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This randomized clinical trial will compare participants who receive HaRTC versus the treatment-as-usual-only control arm to see if HaRTC helps SIHB patients who meet criteria for an alcohol use disorder to increase their engagement in cultural practices, enhance their quality of life, and reduce their alcohol-related harm above and beyond existing services at SIHB.
HaRTC refers to an alcohol treatment that integrates the traditional Native practice of talking circles with harm reduction, a low-barrier approach to substance-use treatment that does not require sobriety or use reduction. The HaRTC study is a 5-year collaboration between WSU, UW, and Seattle Indian Health Board (SIHB). It is funded by the National Institute on Alcohol Abuse and Alcoholism at the National Institutes of Health. In this study, researchers from WSU and UW are working together with community members who have Native heritage and lived experience of alcohol problems as well as with traditional health professionals, staff and management at SIHB. As a team, the researchers will tailor, implement, and evaluate HaRTC as a culturally appropriate treatment for patients at SIHB who experience alcohol problems.
This study is divided into three phases:
Phase 1: During one-on-one interviews and focus groups, WSU and UW researchers asked patients, traditional healers, staff and management at SIHB how to best tailor HaRTC.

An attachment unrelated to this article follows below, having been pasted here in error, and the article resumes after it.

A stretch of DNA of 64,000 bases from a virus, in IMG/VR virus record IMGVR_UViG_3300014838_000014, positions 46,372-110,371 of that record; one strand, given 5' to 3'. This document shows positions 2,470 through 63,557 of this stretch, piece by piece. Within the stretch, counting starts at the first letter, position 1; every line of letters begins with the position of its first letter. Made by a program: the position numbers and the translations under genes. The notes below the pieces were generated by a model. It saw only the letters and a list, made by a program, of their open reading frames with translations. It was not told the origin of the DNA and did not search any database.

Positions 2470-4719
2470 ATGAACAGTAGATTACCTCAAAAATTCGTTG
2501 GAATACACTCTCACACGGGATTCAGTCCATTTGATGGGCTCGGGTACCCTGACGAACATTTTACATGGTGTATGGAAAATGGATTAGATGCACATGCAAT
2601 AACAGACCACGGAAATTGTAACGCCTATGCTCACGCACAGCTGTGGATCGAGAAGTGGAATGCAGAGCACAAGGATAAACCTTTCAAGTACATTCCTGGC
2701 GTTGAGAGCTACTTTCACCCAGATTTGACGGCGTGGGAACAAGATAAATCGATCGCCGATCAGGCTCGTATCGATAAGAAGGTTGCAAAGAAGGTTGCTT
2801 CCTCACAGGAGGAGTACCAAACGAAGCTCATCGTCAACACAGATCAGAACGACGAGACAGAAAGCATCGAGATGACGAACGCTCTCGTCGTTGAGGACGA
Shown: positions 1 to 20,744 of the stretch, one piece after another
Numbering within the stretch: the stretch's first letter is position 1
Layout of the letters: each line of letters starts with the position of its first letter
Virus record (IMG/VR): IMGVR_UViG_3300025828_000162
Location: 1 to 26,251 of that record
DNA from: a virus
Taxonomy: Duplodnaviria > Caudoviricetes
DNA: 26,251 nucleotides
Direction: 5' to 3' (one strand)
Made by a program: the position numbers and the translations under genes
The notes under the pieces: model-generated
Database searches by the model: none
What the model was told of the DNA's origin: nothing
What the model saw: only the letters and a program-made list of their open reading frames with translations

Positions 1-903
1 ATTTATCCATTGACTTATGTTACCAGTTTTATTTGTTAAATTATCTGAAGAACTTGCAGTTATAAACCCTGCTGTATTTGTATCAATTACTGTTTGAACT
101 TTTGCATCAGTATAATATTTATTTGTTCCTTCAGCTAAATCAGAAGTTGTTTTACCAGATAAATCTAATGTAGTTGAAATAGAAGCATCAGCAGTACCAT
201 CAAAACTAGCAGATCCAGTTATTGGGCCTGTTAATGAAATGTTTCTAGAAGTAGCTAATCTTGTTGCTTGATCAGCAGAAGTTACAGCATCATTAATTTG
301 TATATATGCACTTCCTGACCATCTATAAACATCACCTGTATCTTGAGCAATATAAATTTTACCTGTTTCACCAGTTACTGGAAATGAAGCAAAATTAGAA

Phase 2: The researchers assembled a community action board comprised of Native community members who have lived experience as well as traditional health professionals, staff and management at SIHB to refine the HaRTC treatment manual and procedures to best fit the needs, setting and values at SIHB based on their own lived experiences and on the findings from Phase 1.
Phase 3: In the final phase of this larger 3-phase treatment development and evaluation project, the researchers will conduct a randomized clinical trial of the adapted Harm Reduction Talking Circles (HaRTC) program. Participants (N=280) in the RCT will report Native heritage, be at least 21 years of age, meet criteria for a current alcohol use disorder, and receive services at SIHB. Participants will provide informed consent and will be randomized (like flipping a coin) to receive either HaRTC or services as usual at SIHB so the investigators can evaluate whether HaRTC is a helpful addition to existing services. Participants will be asked questions about their involvement in cultural practices, alcohol use and quality of life prior to randomization, after the HaRTC ends, and at 1-, 3-, and 6-month follow-up interviews. It is expected that HaRTC will help patients increase their engagement with cultural traditions, enhance their quality of life, and reduce their experience of alcohol-related harm. If so, the research team will work with SIHB to make this intervention sustainable for its community members.
Alcohol Use Disorder
Not yet recruiting
Washington State University
Published on BioPortfolio: 2020-02-17T18:20:56-0500
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